Disturbing Sculptures Art Gallery — It’s a Real Place

Disturbing Sculptures Art Gallery (that’s really the name)
1100 Highway 101
Crescent City, California

Well, if you’re gonna name your art gallery “disturbing,” you’d better deliver. And this Northern California roadside attraction earns its name. One minute you’re cruising north on Highway 101, almost to the Oregon state line and promised nirvana, and the next minute you’ve U-turned so fast your dog yelps.

 

According to a Roadside America article, this gallery is the home of 3 artists, two of whom appear to be quite normal (driftwood sculptures and chainsaw sculptures). But the third, who luckily was not on-site the day I visited, has some issues.

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Outsider Art — Why You Need It

This weekend provides a rare opportunity to peek into an artist’s lair and walk away with a piece of it at a relatively-reasonable price.  This estate sale is at the home studio of Kansas City artist Allan Winkler, who will be in and out during the sale and is happy to sign his art for you.
Mike and Roger Estate Sales, July 26-28, (816) 309-2728

 

Each week I look diligently through the online posts for estate sales — a chance to walk into a stranger’s house and look at all their stupid stuff (it’s the stupid stuff that sticks around for the sales), and snoop around their homes.  It’s fascinating to see what people spend their money on.  And then, on my way home with a car full of someone else’s old junk, a brief moment of self-awareness sometimes kick in when I realize how I’m spending MY money.

But this week something unique caught my eye — a chance to walk into a strange artist’s home and look at all his piled-up art. I think most artists don’t appreciate their talent, so their basements collect piles of cast-aside work. That certainly seems the case with local Kansas City artist Allan Winkler, the talented sculpter, painter, cut-paper artist, cut metal artist, potter, poured glass, collage artist. He’s well-known in art circles for his outsider art.

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Bread and Puppets

The Bread and Puppet Museum, Theater, and Paper-Mache Cathedral
753 Heights Rd
Glover, Vt 05839
802-525-3031

From https://breadandpuppet.org/museum :
The Bread and Puppet Museum is a massive accumulation of the puppets, masks, paintings and graphics of the Bread and Puppet Theater, housed in a 150-year-old barn in Vermont’s Northeast Kingdom, 25 miles south of the Canadian border. It is one of the largest collections of some of the biggest puppets and masks in the world. It was created in 1974 when Bread and Puppet Theater moved to this former dairy farm after a residency at Goddard College, and before that close to a decade in New York City. The museum is full to the brim; its population density is an expression not only of the accumulations of time but of the urgencies which inspired the making of so much stuff: the poverty of the poor, the arrogance of the war-mongers, the despair of the victims, and maybe even stronger than that, the glory of this whole god-given world. And naturally, all this will decay in due course.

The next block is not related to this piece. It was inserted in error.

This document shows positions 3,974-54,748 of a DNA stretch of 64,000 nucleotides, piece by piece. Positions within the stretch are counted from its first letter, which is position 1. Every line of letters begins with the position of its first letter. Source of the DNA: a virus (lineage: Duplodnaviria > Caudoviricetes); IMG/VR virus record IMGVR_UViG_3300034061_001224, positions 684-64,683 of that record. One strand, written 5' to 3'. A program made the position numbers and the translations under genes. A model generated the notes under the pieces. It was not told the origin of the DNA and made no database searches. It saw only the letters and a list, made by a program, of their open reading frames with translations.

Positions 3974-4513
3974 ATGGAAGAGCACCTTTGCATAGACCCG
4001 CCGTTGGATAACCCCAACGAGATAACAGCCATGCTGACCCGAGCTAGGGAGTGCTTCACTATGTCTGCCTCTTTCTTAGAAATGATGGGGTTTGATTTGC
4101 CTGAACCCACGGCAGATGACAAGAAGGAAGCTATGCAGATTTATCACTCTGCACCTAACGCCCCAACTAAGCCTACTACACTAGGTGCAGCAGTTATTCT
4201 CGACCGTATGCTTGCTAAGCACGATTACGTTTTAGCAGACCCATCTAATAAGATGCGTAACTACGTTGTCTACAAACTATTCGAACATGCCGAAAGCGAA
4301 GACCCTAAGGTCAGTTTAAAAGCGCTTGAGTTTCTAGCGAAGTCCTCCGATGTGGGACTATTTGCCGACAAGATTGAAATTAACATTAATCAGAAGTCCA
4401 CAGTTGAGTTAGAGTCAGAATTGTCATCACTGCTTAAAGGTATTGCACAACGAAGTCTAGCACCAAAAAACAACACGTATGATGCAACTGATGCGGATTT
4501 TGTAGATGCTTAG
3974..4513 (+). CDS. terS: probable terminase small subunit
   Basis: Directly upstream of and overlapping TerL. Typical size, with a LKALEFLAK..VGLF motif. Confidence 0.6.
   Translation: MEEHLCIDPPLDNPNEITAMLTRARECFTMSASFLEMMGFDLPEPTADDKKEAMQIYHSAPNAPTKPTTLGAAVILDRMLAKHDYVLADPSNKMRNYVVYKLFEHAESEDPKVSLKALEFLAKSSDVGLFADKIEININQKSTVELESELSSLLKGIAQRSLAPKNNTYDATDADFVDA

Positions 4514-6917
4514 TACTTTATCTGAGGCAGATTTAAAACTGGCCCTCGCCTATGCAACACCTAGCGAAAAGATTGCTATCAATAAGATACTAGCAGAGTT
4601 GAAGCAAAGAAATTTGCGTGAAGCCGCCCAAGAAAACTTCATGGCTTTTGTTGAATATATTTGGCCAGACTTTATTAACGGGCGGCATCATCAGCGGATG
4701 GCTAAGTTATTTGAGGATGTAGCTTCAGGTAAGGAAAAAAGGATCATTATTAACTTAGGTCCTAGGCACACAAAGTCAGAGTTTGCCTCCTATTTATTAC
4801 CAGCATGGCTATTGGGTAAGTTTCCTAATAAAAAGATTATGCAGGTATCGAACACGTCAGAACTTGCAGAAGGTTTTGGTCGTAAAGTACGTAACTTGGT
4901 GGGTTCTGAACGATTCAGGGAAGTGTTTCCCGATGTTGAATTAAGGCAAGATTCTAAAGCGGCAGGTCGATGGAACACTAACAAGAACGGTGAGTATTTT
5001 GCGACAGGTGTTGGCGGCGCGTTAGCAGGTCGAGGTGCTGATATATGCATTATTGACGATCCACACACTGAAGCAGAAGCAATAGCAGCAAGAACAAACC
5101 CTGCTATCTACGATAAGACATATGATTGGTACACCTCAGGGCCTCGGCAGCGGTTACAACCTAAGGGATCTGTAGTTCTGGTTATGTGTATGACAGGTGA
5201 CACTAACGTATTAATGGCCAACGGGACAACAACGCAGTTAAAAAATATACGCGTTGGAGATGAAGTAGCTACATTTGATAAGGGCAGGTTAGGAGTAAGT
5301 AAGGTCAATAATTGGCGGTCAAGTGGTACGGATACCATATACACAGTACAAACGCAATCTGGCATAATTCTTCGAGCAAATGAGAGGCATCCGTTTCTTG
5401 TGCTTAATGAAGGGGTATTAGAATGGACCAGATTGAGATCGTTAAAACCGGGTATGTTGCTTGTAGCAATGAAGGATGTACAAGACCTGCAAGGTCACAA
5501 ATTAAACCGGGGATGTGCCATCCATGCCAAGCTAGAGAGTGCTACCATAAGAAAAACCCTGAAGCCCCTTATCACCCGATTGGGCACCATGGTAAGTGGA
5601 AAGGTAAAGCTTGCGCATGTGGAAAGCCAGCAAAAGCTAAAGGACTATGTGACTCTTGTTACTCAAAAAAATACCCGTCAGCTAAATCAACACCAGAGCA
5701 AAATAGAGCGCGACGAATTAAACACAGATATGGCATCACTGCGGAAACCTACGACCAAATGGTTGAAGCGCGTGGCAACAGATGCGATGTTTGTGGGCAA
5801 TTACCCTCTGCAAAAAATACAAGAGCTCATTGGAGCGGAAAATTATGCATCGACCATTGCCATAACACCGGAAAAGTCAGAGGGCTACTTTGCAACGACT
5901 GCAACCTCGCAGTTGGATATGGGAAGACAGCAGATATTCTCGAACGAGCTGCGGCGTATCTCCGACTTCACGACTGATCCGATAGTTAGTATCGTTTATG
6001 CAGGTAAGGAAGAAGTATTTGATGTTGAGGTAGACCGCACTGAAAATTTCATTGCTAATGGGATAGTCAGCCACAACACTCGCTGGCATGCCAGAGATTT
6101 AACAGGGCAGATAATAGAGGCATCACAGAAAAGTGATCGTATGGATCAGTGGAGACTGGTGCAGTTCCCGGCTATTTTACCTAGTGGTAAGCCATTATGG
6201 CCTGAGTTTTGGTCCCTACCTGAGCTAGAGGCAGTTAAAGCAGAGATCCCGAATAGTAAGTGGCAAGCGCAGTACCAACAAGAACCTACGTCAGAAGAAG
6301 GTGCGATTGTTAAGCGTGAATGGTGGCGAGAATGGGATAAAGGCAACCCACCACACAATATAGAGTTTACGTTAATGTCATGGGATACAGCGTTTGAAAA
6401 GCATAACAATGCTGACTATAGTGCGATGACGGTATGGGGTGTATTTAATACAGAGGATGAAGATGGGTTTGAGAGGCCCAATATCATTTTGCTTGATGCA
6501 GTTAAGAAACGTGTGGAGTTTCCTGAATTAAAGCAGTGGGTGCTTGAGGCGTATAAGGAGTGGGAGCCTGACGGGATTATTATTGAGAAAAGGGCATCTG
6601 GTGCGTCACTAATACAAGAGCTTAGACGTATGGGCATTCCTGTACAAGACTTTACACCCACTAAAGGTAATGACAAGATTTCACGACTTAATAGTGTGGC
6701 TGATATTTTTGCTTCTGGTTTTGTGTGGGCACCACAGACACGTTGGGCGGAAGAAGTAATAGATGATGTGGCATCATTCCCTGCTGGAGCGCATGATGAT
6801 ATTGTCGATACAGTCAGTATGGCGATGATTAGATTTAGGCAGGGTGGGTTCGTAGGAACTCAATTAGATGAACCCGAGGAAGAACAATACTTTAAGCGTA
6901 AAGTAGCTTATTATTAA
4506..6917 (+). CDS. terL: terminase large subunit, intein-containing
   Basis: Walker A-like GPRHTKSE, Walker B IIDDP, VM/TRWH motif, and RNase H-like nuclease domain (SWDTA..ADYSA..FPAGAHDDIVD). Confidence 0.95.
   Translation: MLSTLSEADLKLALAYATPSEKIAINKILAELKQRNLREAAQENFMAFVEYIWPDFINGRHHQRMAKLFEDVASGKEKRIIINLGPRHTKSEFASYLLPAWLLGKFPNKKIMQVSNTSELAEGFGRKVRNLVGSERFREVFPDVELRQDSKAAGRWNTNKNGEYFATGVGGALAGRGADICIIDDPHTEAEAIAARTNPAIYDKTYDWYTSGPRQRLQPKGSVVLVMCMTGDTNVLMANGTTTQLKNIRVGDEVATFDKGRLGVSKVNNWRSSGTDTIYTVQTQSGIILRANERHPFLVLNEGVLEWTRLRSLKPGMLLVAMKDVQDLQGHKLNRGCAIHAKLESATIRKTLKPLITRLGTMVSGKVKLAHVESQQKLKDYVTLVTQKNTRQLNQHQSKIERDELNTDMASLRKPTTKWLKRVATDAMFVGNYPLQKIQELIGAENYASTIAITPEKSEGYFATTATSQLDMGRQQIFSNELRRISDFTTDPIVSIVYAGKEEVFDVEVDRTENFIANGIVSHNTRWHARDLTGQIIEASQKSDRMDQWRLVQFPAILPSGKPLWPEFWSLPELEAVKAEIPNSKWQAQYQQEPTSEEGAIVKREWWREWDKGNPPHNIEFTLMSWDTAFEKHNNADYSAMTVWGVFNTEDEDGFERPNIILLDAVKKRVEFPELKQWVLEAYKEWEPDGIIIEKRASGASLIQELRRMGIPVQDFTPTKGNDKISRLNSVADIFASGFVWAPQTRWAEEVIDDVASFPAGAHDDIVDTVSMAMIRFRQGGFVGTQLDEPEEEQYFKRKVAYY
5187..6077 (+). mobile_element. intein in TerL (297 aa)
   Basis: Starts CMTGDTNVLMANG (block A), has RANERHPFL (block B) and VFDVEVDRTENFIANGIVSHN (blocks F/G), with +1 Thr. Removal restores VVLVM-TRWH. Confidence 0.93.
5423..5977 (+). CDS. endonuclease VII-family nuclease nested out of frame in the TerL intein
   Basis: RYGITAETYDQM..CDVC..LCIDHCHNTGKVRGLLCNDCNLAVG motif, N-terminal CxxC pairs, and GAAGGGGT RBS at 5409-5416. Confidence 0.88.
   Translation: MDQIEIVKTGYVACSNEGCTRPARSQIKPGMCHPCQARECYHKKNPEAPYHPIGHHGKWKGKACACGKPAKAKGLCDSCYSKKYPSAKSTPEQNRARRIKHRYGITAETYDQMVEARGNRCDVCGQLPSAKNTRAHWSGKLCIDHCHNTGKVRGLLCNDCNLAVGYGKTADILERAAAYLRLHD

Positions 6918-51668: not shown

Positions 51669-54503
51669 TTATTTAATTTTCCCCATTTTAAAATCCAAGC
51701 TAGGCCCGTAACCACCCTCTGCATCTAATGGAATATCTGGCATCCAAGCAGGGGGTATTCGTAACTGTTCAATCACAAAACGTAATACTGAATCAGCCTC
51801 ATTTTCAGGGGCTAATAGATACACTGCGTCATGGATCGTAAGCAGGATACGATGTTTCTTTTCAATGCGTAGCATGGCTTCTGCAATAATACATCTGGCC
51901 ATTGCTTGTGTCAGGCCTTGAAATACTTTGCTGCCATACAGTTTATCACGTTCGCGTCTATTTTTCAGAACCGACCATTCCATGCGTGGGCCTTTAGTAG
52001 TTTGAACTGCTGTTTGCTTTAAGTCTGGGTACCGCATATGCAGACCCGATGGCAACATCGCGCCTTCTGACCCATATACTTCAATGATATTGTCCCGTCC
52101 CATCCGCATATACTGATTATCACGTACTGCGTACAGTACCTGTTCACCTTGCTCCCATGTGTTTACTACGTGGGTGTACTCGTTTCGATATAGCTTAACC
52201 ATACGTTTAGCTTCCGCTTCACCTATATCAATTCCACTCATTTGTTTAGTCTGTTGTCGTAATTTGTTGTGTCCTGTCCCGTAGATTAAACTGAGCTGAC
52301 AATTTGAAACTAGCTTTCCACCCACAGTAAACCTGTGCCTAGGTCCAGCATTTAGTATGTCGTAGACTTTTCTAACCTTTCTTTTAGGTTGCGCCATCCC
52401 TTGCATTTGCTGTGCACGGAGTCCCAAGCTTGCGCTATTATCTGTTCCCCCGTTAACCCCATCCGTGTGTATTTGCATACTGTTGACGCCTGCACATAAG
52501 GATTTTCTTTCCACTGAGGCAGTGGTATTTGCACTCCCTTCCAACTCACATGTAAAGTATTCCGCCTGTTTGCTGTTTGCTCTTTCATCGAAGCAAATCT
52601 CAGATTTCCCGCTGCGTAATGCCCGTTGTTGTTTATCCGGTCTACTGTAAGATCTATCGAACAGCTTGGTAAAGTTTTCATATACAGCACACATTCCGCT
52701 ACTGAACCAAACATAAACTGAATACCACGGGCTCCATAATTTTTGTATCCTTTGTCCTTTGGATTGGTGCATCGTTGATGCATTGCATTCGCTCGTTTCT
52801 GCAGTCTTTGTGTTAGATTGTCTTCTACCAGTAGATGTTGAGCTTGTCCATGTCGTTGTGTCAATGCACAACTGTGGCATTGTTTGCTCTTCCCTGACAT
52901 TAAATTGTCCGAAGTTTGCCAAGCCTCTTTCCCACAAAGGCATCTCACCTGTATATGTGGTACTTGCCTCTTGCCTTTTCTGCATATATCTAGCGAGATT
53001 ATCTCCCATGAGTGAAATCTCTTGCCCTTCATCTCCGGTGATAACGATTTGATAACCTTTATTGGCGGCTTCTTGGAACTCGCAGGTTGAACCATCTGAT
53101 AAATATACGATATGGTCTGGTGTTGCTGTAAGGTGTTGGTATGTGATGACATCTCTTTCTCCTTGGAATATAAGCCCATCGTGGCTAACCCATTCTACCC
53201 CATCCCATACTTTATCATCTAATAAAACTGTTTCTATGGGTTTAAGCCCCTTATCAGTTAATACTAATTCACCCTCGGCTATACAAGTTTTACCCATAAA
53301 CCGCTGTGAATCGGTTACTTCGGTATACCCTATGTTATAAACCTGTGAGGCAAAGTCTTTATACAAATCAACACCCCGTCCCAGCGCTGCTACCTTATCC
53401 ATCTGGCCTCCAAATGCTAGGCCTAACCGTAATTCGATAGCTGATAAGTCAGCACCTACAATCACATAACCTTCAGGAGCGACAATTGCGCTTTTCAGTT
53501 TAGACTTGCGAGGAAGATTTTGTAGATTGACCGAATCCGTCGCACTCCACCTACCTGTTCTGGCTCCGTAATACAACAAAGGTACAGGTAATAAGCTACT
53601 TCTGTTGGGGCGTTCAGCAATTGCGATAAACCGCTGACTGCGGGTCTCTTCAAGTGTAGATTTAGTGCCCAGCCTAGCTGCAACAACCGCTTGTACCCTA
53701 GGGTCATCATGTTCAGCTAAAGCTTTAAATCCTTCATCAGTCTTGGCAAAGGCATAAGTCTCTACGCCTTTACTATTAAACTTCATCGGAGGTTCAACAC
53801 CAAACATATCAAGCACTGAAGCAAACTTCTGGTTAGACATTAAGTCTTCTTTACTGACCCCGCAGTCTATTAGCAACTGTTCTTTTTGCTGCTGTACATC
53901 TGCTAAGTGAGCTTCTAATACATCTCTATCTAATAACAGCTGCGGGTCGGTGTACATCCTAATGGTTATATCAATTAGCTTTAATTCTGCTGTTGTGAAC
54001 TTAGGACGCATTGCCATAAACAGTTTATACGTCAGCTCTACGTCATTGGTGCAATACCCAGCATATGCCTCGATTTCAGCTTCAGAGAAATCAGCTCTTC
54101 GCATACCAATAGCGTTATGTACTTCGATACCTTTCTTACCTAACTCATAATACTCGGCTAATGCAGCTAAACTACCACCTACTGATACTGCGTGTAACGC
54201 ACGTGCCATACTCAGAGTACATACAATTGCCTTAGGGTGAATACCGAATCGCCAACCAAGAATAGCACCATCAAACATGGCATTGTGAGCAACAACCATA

The Bread and Puppet Museum is an immersive experience, even when it’s closed. During the winter and spring months the museum is closed, but their website proclaims “…you’re welcome to come in, turn on the lights, and have a look around.”  You just have to turn off the lights when you leave.

obsessivehobbyist.com

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Noah Purifoy Outdoor Desert Art Museum of Assemblage Sculpture in Joshua Tree, California

Photo by Stephanie Roberts, http://ObsessiveHobbyist.com

“Born in Snow Hill, Alabama in 1917, Noah Purifoy lived and worked most of his life in Los Angeles and Joshua Tree, California, where he died in 2004. He received an undergraduate degree from Alabama State Teachers College in 1943 and a graduate degree from Atlanta University in 1948. In 1956, just shy of his fortieth birthday, Purifoy received a BFA from Chouinard, now CalArts. His earliest body of sculpture, constructed out of charred debris from the 1965 Watts Rebellion, was the basis for 66 Signs of Neon (1966), a landmark group exhibition on the riots that traveled throughout the country. As a founding director of the Watts Towers Art Center, Purifoy knew the community intimately. His 66 Signs of Neon, in line with the postwar period’s fascination with the street and its objects, constituted a Duchampian approach to the fire-molded alleys of Watts. This strategy profoundly impacted artists then emerging in Los Angeles and beyond, such as David Hammons, John Outterbridge and Senga Nengudi, who all worked with him. For the twenty years that followed the rebellion, Purifoy dedicated himself to the found object, and to using art as a tool for social change. In the late 1980’s after eleven years of public policy work for the California Arts Council, where he initiated programs such as ‘Artists in Social Institutions,’ which brought art into the state prison system, Purifoy moved his practice out to the Mojave desert, where he lived for the last fifteen years of his life creating ten-acres full of large-scale sculpture on the desert floor. Constructed entirely from junked materials, this otherworldly environment is one of California’s great art historical wonders.”  — http://noahpurifoy.com

It’s in the middle of the desert and not easy to find…like any oasis or mirage.  But it’s well worth the effort and, if you’re lucky enough to have the place all to yourself, as I did for a brief time, it’s spiritual, awe-inspiring, whimsical, and an amazing testament to one man’s determination and genius.  I spent almost 4 hours there recently (including the 30 minutes my dog decided to go on a big adventure in the desert), and it passed in the blink of an eye.

MORE magical photos here